You Have to Visit These National Monuments Under Review by the Trump Administration

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You Have to Visit These National Monuments Under Review by the Trump Administration

President Trump has ordered a sweeping review of 27 national monuments created since 1996, calling the designation of these sites by previous presidents a “federal land grab” and stating that the goal of the review is “giving power back to the states and people.” Interior secretary Ryan Zinke has stated that the monuments under review could have their federal protections “rescinded” or that the monuments could be “resized or modified,” opening them up to drilling, mining and other development interests.

The monuments under analysis cover millions of acres of protected lands encompassing all types of landscapes from mountains and deserts to canyons and forests across 11 mostly Western states, plus five marine national monuments. While the public comment period for one of the monuments, Bears Ears, has passed, the Interior Department is currently accepting public comments pertaining to the review through July 10. Read on for why these sites are worthy of their title and why you should visit them before they are revoked, and then submit your comments here.

Jay Gentile is a world traveler and freelance writer whose work has appeared in a variety of publications including SPIN, VICE, Chicago Tribune, Thrillist and Consequence of Sound.

Vermillion Cliffs National Monument

Marble Canyon, Ariz.
Sandwiched between Grand Canyon National Park and Grand Staircase-Escalante National Monument (which is also under review) just south of the Utah border, Vermillion Cliffs is home to bald eagles and mountain lions who make their home amid the stunning red rock formations that dominate this Wild West landscape. But this remote monument is most well-known for The Wave, an otherworldly sandstone rock formation that requires a permit to visit and is accessible via a fairly strenuous hike along an unmarked trail. The Bureau of Land Management only issues 20 permits a day to this fragile site via a lottery system. While you're here, a visit to the adjacent Grand Staircase-Escalante—America's largest land national monument covering an area larger than Delaware and containing dinosaur fossils over 75 millions years old—is an absolute must.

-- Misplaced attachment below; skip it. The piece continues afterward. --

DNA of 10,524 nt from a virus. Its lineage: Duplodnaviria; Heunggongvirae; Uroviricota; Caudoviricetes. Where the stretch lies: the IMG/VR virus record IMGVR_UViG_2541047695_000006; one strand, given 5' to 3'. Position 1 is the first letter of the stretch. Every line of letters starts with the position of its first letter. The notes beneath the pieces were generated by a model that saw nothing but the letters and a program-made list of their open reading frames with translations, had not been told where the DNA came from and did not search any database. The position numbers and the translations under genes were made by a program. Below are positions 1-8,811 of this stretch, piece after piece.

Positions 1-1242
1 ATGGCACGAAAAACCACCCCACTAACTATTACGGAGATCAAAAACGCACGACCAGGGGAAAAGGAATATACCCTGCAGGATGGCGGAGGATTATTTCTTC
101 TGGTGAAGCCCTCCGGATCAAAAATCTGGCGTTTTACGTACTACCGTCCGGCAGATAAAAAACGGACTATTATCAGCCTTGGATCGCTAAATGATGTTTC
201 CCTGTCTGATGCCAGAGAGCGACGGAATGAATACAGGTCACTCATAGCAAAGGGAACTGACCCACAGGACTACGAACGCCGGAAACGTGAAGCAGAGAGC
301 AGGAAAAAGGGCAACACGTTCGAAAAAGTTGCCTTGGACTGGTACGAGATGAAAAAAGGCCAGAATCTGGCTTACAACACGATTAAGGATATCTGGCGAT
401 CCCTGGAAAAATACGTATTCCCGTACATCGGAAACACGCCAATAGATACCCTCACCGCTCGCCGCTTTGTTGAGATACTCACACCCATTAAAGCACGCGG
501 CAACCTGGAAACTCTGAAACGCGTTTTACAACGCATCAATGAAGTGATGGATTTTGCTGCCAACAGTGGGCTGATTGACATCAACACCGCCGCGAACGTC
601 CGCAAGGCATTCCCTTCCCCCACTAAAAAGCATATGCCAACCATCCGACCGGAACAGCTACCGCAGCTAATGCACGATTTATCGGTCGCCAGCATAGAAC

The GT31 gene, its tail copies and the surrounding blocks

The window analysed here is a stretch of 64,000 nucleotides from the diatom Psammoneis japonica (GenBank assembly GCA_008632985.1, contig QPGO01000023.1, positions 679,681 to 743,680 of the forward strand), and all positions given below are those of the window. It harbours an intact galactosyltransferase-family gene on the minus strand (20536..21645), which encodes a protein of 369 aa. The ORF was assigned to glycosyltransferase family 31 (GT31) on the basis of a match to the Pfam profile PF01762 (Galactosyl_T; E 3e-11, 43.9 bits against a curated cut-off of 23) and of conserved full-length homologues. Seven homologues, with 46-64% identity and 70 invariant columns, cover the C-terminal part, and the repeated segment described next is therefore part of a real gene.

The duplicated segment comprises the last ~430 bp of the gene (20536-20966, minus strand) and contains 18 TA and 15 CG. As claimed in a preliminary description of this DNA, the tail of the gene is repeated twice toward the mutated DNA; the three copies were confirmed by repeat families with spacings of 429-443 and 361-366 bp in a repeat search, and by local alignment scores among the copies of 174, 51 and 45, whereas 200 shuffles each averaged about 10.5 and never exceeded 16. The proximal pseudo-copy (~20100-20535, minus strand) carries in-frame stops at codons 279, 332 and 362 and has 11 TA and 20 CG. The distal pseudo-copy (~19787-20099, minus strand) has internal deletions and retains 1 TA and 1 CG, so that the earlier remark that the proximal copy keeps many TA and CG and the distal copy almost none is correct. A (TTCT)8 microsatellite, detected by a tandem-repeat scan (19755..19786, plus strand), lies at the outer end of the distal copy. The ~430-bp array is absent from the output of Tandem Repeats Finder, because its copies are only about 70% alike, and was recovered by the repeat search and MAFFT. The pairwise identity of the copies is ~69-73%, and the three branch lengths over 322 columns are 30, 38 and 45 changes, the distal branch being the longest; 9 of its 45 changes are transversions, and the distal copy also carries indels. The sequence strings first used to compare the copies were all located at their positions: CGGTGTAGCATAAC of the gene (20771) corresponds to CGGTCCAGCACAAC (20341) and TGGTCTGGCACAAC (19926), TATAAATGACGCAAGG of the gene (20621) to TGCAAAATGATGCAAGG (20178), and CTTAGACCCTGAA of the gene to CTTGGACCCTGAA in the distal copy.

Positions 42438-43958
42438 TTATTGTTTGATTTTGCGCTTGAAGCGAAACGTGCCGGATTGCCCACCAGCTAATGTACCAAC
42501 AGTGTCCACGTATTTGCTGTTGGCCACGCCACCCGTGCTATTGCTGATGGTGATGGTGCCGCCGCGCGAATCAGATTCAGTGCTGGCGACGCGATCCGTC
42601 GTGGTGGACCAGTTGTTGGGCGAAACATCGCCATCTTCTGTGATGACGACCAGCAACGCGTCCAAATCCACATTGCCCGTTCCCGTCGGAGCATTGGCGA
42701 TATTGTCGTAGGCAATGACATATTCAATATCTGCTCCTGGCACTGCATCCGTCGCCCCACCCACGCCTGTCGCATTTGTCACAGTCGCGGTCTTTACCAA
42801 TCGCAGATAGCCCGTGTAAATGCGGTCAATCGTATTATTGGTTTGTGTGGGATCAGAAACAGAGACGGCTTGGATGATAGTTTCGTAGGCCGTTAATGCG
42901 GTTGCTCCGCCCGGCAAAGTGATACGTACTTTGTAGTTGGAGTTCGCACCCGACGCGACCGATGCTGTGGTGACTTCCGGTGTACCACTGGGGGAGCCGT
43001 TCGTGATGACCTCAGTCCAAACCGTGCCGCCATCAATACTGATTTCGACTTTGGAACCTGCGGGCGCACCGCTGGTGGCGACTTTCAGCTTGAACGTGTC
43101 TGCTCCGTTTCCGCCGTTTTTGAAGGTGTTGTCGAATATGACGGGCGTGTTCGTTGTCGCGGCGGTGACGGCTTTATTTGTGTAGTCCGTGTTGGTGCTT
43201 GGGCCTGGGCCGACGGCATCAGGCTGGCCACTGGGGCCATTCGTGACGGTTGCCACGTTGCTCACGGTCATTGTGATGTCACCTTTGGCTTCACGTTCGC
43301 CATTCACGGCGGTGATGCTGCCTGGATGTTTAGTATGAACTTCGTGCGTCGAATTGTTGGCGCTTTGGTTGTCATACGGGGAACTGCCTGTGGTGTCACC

Photo by tobkatrina/Shutterstock

Giant Sequoia National Monument

Porterville, Calif.
Located about an hour south of Fresno in central California's southern Sierra Nevada range, this monument created by President Clinton in 2000 houses the greatest concentration of giant sequoia groves in the world. With 38 giant sequoia groves, about half of those currently in existence, the monument is also famous for its towering Boole tree which, standing at 269 feet high, is the world's sixth-tallest tree. You can hike around the trees with your dog (this land is managed by less restrictive U.S. Forest Service rules) or make the trek to the stunning hidden gem of Jennie Lakes Wilderness, a picture-perfect amalgamation of lakes and forests surrounded by mountains including the 10,365-foot Mitchell Peak. And yes, you can hug all the trees you want.